- Security TWENTY
- Women in Security
A majority of UK office workers have trouble deciding who to trust in the digital world. This isn’t surprising considering 14 percent have already been badly affected by cyber-crime. This is according to a new survey from an IT security product company.
A study for PhishMe Inc looked at the attitudes of 1000 UK office workers towards cybercrime and phishing and found that 60 percent of respondents find it difficult deciding which sources to trust online. Of the websites UK office workers do trust, banks come out on top with 55 percent of respondents saying they trust their own bank. Dating websites are the least trusted with only 0.3 percent of respondents saying they feel safe using the sites.
When respondents were asked which online sources they do trust the findings were:
55 percent of respondents trust their own bank
19 percent of respondents trust online retailers
17 percent of respondent trust other banks
10 percent of respondents trust Facebook
6 percent of respondents trust the media
5 percent of respondents trust LinkedIn and Twitter
2 percent trust online blogs; and
0.3 percent of respondents trust dating sites.
Rohyt Belani, CEO and co-founder of PhishMe said: “Given the media attention on recent data breaches against seemingly safe organisations, it doesn’t surprise me that UK office workers feel vulnerable in the online world. Phishing attacks are rife in the digital world and it is vital that Internet users be wary of providing personal information which could be used against them for nefarious purposes. Organisations should provide staff with training on how to spot online threats because the attackers will often go after employees first, if they want to compromise an organisation’s network.”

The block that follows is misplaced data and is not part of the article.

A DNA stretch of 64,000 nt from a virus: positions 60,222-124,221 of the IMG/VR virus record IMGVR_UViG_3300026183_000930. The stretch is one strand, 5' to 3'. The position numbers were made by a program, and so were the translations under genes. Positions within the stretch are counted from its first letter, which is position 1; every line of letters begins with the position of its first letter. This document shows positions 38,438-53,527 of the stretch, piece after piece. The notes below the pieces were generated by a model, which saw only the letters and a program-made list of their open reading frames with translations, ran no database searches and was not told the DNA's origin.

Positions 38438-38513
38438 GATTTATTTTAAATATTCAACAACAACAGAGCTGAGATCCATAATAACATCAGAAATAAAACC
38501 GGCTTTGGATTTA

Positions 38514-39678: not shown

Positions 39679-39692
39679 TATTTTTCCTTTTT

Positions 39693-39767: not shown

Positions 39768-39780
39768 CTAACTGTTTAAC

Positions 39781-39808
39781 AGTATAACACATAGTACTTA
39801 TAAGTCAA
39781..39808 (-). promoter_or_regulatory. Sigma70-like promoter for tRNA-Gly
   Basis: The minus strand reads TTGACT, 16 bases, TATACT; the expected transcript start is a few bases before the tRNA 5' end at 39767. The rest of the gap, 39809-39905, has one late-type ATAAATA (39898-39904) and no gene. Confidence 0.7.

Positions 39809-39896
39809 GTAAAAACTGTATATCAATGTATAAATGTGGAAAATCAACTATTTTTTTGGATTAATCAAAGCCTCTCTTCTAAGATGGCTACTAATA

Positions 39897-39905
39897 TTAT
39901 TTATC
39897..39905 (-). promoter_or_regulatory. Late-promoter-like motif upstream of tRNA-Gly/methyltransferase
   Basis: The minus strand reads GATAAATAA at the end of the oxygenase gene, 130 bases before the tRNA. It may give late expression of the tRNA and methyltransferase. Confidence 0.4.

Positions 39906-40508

Other findings suggested that almost half of UK office workers are more worried about being phished at home than at work; however, given that one in seven respondents have or know someone who has been badly affected by cybercrime, this figure is not surprising.
Of the people who have already been affected by cybercrime:
Over half of the people experienced financial loss
Over a third experienced identity theft
Over a fifth experienced data loss; and
Over a third were left with an infected computer.
Belani added, “The fact that one in seven office workers have already been affected by cybercrime should be a big concern for organisations because these threats could potentially be brought into a corporate network through bring-your-own-device (BYOD) policies and the use of consumer cloud applications within the work place. Organisations that provide their employees with continuous security training will not only be significantly more prepared, they will also be able to leverage their employees for an additional source of threat intelligence.”